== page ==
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RAF Reaper use passes 20,000 flight hours

UK Royal Air Force operations with the General Atomics MQ-9 Reaper have passed the 20,000 flight hour mark in Afghanistan, the service has announced.

Referred to by the RAF as a remotely piloted aircraft, Reaper is launched from Kandahar airfield in Afghanistan before control of the mission is handed over to other personnel from its 39 Sqn located at the US Air Force’s Creech AFB in Nevada. The unit’s forward-deployed launch and recovery element later lands the aircraft at the end of a the mission.

The RAF says typical activities see the air system “gather pre-raid intelligence on target compounds, assist in countering improvised explosive devices and provide surveillance for routine patrols and supply convoys.” If required, the aircraft can also deploy weapons from its typical load of two Raytheon GBU-12 Paveway 226kg (500lb) precision-guided bombs and four Lockheed Martin AGM-114 Hellfire air-to-surface missiles.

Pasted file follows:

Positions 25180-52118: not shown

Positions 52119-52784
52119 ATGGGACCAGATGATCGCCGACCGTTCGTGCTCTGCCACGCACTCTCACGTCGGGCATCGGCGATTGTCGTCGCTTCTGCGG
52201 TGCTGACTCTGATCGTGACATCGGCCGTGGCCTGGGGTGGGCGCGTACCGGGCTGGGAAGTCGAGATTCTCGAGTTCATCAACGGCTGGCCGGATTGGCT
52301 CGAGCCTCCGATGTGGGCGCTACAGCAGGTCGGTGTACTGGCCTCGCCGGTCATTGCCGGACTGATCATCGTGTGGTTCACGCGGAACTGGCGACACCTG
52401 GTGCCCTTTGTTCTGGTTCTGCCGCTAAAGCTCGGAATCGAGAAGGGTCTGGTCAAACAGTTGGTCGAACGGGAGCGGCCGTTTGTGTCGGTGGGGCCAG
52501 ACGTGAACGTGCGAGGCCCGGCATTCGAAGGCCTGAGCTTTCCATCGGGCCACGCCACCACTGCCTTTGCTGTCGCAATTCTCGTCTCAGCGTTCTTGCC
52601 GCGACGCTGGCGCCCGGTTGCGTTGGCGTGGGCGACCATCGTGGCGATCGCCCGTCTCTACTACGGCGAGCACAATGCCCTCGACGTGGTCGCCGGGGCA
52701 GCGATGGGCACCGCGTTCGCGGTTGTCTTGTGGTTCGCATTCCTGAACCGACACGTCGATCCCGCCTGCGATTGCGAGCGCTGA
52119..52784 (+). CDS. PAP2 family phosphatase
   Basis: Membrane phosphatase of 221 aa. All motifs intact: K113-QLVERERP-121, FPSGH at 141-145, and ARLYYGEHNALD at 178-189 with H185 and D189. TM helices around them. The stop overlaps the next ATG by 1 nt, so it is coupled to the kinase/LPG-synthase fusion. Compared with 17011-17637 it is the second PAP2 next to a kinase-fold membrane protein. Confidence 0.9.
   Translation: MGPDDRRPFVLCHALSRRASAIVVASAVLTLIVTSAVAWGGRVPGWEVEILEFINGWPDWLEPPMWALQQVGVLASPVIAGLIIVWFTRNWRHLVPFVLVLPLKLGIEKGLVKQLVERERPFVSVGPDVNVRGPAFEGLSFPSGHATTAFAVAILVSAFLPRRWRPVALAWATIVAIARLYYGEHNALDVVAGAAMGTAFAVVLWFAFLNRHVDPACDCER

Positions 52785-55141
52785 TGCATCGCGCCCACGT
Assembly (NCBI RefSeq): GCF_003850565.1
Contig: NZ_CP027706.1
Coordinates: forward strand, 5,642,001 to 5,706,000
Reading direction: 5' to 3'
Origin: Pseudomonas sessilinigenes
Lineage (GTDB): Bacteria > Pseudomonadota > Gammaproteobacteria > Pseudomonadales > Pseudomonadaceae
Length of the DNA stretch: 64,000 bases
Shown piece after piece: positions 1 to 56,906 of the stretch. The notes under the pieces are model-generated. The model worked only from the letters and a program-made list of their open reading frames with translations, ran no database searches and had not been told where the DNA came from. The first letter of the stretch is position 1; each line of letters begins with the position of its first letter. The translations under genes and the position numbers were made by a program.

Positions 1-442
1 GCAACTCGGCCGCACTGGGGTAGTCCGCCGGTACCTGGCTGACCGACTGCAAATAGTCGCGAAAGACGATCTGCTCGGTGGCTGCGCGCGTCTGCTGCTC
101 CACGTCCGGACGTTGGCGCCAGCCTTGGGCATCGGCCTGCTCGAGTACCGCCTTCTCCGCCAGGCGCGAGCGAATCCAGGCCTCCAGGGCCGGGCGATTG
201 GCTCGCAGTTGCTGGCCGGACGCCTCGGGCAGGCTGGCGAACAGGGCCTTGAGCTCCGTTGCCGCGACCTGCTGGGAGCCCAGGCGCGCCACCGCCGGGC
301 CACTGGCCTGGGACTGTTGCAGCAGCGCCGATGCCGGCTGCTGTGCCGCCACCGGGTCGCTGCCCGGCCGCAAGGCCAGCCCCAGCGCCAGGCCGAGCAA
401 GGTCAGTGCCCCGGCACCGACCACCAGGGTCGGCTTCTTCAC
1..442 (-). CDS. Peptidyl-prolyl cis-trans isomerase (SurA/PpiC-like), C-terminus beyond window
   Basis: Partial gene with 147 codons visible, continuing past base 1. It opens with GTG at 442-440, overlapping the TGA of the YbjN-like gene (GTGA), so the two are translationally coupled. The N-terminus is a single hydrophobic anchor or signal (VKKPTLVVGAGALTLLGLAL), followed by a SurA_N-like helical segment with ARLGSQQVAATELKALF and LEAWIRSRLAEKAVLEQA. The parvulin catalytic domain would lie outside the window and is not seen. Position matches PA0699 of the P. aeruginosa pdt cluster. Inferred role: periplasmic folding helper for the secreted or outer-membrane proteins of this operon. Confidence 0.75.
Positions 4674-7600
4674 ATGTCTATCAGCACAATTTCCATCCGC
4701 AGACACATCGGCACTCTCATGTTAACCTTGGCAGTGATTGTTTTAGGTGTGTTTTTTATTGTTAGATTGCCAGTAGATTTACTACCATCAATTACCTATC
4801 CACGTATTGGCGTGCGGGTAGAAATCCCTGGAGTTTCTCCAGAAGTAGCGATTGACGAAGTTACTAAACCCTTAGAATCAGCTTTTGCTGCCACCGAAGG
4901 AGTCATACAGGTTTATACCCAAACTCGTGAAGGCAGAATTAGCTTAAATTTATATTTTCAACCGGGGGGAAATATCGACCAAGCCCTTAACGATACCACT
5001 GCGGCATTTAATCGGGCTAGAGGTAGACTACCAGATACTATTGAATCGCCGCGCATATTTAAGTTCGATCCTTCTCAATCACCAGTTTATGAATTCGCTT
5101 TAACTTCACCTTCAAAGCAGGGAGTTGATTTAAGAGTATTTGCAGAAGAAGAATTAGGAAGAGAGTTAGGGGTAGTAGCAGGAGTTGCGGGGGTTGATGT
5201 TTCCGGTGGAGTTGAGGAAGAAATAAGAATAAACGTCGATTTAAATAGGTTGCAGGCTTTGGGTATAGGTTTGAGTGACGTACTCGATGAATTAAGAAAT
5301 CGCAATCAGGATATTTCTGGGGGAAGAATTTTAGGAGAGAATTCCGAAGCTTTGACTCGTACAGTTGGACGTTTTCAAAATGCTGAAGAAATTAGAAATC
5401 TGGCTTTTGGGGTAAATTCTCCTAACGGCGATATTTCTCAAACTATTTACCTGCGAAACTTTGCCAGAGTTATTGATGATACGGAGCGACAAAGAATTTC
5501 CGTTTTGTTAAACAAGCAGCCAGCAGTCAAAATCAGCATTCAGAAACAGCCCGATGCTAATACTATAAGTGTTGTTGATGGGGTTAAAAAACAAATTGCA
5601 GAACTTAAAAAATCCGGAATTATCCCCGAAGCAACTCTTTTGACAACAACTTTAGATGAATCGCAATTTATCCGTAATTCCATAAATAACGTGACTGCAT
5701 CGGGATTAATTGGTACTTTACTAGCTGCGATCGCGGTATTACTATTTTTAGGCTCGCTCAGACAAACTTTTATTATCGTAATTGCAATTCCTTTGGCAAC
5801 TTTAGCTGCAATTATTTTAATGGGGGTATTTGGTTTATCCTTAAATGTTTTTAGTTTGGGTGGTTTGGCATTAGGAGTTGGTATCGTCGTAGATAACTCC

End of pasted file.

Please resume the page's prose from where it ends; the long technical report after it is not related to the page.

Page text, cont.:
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“The Reaper force is an essential element of the RAF’s combat intelligence, surveillance, target acquisition and reconnaissance capability,” says Air Vice Marshal Philip Osborn, Air Officer Commanding the service’s 2 Group. “The real time, day and night video coverage of the battle space combined with the extensive use of onboard radar provides a unique, cost-effective and sustained capability that enhances the safety of troops on the ground.”

UK operations with the Reaper in Afghanistan started in October 2007. Completing the first 10,000 flight hours with the type took until May 2010, with a fleet expansion having contributed to the doubling of this total within less than the last year.

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